Talking to Kids About Cancer
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Talking to Kids About Cancer
Support services, resources and information
Anyone can call Cancer Council 13 11 20 Information and Support service.
Our 13 11 20 Information and Support service is a confidential service, open Monday to Friday, 9 am to 5 pm (cost of a local call, except from mobiles), and is staffed by experienced cancer nurses.
You can also ask our nurses a question online.
Website about cancer for children, aged 3 to 12 years
Bearing Up Club
An internet club for kids dealing with bereavement. Once a child is registered, they can join an online chat room. The developers of this site, Mal and Valerie McKissock, are well-known bereavement therapists who have written grief books for children and adults dealing with grief.
Other websites for cancer support
Contact CanTeen, Camp Quality or Redkite about programs that may help you and your children cope with cancer. Lifeline and Kids Helpline both provide 24-hour telephone counselling.
Picture books about cancer
- My Mum’s Got Cancer by Dr Lucy Blunt, Jane Curry Publishing, 2013
- Safina and the Hat Tree by Cynthia Hartman, Nomota Pty Ltd, 2004
- Sammy’s Mommy Has Cancer by Sherry Kohlenberg, Magination Press, 1993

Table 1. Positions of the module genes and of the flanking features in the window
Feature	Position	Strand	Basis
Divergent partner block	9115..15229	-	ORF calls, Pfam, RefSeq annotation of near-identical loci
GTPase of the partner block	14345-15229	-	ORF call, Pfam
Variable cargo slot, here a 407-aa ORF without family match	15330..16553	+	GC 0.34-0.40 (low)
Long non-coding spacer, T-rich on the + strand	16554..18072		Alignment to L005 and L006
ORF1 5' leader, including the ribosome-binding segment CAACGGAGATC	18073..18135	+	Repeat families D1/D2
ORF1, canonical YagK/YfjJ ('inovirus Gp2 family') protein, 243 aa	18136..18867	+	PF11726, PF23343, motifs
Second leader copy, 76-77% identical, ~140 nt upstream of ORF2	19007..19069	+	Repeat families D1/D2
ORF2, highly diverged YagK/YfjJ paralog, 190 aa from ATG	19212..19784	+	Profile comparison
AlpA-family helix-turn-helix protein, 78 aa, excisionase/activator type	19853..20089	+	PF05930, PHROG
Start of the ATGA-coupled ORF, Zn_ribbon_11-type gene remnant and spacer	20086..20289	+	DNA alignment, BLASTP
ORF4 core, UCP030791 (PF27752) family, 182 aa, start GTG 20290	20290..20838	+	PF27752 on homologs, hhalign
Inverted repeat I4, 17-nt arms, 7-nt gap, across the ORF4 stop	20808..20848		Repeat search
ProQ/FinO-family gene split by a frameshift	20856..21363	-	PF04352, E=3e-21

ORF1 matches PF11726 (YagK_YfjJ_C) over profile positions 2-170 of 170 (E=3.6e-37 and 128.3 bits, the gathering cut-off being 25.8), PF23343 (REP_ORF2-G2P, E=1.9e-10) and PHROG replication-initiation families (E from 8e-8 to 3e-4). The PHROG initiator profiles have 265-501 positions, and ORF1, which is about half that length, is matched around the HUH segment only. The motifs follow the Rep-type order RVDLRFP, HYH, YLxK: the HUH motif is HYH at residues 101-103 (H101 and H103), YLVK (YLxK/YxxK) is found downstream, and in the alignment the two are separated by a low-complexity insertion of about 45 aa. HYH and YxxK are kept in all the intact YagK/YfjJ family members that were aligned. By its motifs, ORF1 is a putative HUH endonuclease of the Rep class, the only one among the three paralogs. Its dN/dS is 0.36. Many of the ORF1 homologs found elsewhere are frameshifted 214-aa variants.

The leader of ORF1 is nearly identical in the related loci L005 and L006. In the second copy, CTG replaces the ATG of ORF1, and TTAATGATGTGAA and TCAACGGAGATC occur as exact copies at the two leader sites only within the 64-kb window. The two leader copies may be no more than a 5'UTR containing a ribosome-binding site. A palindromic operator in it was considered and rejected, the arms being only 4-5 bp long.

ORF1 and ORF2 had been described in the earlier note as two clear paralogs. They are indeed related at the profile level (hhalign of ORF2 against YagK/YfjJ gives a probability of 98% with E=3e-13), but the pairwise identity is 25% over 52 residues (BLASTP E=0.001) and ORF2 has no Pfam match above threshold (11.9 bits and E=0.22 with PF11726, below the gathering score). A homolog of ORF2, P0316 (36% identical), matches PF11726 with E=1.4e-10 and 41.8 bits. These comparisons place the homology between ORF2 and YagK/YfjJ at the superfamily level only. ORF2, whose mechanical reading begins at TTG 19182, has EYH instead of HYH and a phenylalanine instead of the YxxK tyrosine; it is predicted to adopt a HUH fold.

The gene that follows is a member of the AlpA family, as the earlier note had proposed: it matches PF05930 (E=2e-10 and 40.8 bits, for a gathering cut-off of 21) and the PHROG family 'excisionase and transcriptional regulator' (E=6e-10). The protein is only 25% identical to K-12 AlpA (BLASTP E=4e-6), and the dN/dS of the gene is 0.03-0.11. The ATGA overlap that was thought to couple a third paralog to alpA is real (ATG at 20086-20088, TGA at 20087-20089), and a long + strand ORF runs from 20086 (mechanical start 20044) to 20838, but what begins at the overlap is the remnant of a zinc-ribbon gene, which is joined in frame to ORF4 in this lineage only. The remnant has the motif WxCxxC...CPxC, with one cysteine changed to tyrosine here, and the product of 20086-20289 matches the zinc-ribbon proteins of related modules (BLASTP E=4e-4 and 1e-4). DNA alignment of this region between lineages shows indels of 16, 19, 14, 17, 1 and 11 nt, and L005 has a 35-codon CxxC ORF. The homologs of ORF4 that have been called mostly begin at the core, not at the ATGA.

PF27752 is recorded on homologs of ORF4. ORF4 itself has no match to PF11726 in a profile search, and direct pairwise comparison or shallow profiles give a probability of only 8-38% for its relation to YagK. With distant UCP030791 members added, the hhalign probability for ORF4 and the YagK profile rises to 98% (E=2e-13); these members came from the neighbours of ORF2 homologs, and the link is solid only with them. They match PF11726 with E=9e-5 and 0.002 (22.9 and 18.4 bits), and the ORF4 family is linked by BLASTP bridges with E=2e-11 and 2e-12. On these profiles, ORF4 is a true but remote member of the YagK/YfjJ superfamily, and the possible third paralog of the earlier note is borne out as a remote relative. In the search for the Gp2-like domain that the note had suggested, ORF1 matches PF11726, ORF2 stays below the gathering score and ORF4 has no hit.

- My Mum Has Breast Cancer: a family’s cancer journey by Lisa Sewards, Harrison Sewards, Self-published, 2007
- My Name Is Buddy: a story for children about brain tumours
Books for younger readers about cancer
- She’s Got What? A story about cancer by Carrie Lethborg and Angela Kirsner, St Vincent’s Hospital Melbourne, 1999
- When Someone You Love Has Cancer: a guide to help kids cope (Written from a Christian perspective), Alaric Lewis Abbey Press, 2005
- Beginnings and Endings with Lifetimes in Between by Bryan Mellonie and Robert Ingpen, Penguin, 2005
- I Miss You: a first look at death, Pat Thomas Barron’s Educational Series, 2001
- Because… Someone I Love Has Cancer (Activity book for kids aged 5–10), American Cancer Society, 2002
Books for teenagers about cancer
- Allie McGregor’s True Colours by Sue Lawson, Black Dog Books, 2006
- Now What…? Dealing with your parent’s cancer, CanTeen, 2010
- Now What…? When your parent’s cancer can’t be cured, CanTeen, 2011
- Now What…? Living with the death of your parent or brother or sister from cancer, Canteen, 2010
- When Your Parent has Cancer: a guide for teens, National Cancer Institute, 2005
This information is reviewed by
This information was last reviewed December 2018 by the following expert content reviewers: Professor Kate White, Chair of Nursing, The University of Sydney, NSW; Sarah Ellis, Psychologist, Behavioural Sciences Unit, Kids with Cancer Foundation, Sydney Children’s Hospital, NSW; Kate Fernandez, 13 11 20 Consultant, Cancer Council SA; Chandra Franken, Program Manager – NSW & ACT, Starlight Children’s Foundation, NSW; John Friedsam, General Manager of Divisions, CanTeen, NSW; Keely Gordon-King, Cancer Counselling Psychologist, Cancer Council Queensland; Stephanie Konings, Research Officer, CanTeen, NSW; Sally and Rosie Morgan, Consumers; Dr Pandora Patterson, General Manager, Research and Youth Cancer Services, Canteen, and Adjunct Associate Professor, Cancer Nursing Research Unit, The University of Sydney, NSW and Visiting Professor, Faculty of Health and Life Sciences, Coventry University, UK; Suzanne Rumi, Consumer; Michael Sieders, Primary School Program Manager, Camp Quality.